Here Comes Halloween: Traditions and Translations from Around the World

It’s Halloween! How will you celebrate? Here are some traditions and translations from around the world.

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Halloween in Ireland

Many of our Halloween traditions come from Samhain, the ancient Celtic harvest festival. So, it’s no surprise that Ireland is one of the world’s biggest Halloween hotspots.  On 31 October, everyone dresses up in scary costumes and celebrates. Children often go out “guising,” going door-to-door to beg food and candy. This tradition dates back to 16th century Samhain celebrations, but the phrase “trick-or-treat” is a relatively new American import.

One thing sets the Halloween festivities in Ireland apart from the rest of the world: Fireworks, and lots of them.  In Northern Ireland, the city of Derry has a street carnival parade that ends in a massive fireworks display. Fireworks are prohibited in the Republic of Ireland, but that doesn’t stop people from setting them off anyway.

Irish Halloween Words

  • Trick or Treat:  iCleas nó cór or Tabhair féirín dom, nó buailfidh mé bob ort! 
  • Happy Halloween: Oíche Shamhna Shona Duit
  • SkeletonCreatlach
  • Costume: Culaith
  • Bonfire: tine cnámha

Read more

K International Spooktacular

K International Spooktacular

So it’s that monstrous time of year when the K International team let their professional hair down a little and get their fangs deep into Halloween.

Here’s a few ghoulish pictures of the staff, organised by our gruesome #Ksocialteam, Sherrien Collins & Sajeda Al-Nashash. Read more

K International Vs. The Gadget Show

K International on the Gadget Show

If you were sitting down to watch the Gadget Show on Channel 5 last night (26th of October 2015), you will have seen a couple of our linguists featured in the show. First up, Monica Bloxam took on presenters, Amy Williams and Jason Bradbury, in a Human Vs. Machine translation challenge. Read more

Chomsy-on-language

Documentaries About Language

We’re so lucky that language is at the centre of everything we do at work. Let’s take a moment to stop the clock to appreciate how beautiful it is and maybe even look back at what inspired us at an early age to take a career in the language industry. To help here are my favourite documentaries of all time about language.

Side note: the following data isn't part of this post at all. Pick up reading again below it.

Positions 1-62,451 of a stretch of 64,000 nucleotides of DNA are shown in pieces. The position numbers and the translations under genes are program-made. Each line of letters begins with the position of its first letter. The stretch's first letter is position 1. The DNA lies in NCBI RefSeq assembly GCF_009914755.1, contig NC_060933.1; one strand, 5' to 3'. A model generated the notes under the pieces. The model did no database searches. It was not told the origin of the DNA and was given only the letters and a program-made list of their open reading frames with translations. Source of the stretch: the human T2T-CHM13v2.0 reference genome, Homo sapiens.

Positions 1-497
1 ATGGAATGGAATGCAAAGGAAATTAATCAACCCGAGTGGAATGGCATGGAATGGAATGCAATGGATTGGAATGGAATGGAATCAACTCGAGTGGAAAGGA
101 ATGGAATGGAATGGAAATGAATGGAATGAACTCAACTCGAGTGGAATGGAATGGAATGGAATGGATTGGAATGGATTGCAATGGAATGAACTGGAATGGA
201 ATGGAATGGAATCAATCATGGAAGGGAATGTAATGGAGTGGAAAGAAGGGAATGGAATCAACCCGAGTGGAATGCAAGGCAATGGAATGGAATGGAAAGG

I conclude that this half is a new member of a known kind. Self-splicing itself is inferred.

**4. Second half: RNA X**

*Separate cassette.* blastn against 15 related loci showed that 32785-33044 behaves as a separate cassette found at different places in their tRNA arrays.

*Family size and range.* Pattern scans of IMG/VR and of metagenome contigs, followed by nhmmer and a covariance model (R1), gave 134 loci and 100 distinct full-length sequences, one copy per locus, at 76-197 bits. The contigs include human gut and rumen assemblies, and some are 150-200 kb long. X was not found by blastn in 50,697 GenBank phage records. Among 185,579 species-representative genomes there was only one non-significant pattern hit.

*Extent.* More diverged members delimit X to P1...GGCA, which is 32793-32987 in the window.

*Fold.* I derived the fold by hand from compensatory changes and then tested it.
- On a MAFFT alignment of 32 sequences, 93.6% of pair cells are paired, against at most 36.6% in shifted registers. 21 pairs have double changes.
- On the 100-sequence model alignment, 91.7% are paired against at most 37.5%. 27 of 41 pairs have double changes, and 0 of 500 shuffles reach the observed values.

The Story of English

I am biased but it’s a fact that English is more influential than any other language. The first episode of this documentary sets out to provide evidence of that and to explore how the language has evolved. The story begins with an English language rock concert in Russia; the English influence was so strong that it even managed to break through the Iron Curtain. Further images show English as the universal language of air-traffic control, computer data, newspapers, telegrams, international trade and world news. American English is the original language of the movies, and the world of music is dominated by English-language songs.

The tour of the English language takes viewers from elite-Public-School English to the BBC wireless broadcasts that sent that very English over the airwaves and into the homes of people from all classes. For the first time, the Queen’s English was now considered by many to be the correct English.

Decolonisation removed Britain’s political influence from around the world, but the English language remained behind. India, Ghana and Nigeria are all countries that have English, or a form of English, as a link language. It’s the common thread in the midst of the diversity that comes with multi-language countries.

In all of the ex-colonies, English has evolved, and each country has its unique form. In fact, language is never static. As interviewees provide definitions of modern-American-slang terms, that fact becomes increasingly obvious. The idea of one correct form of English is set aside in favour of acknowledging the diversity. Read more

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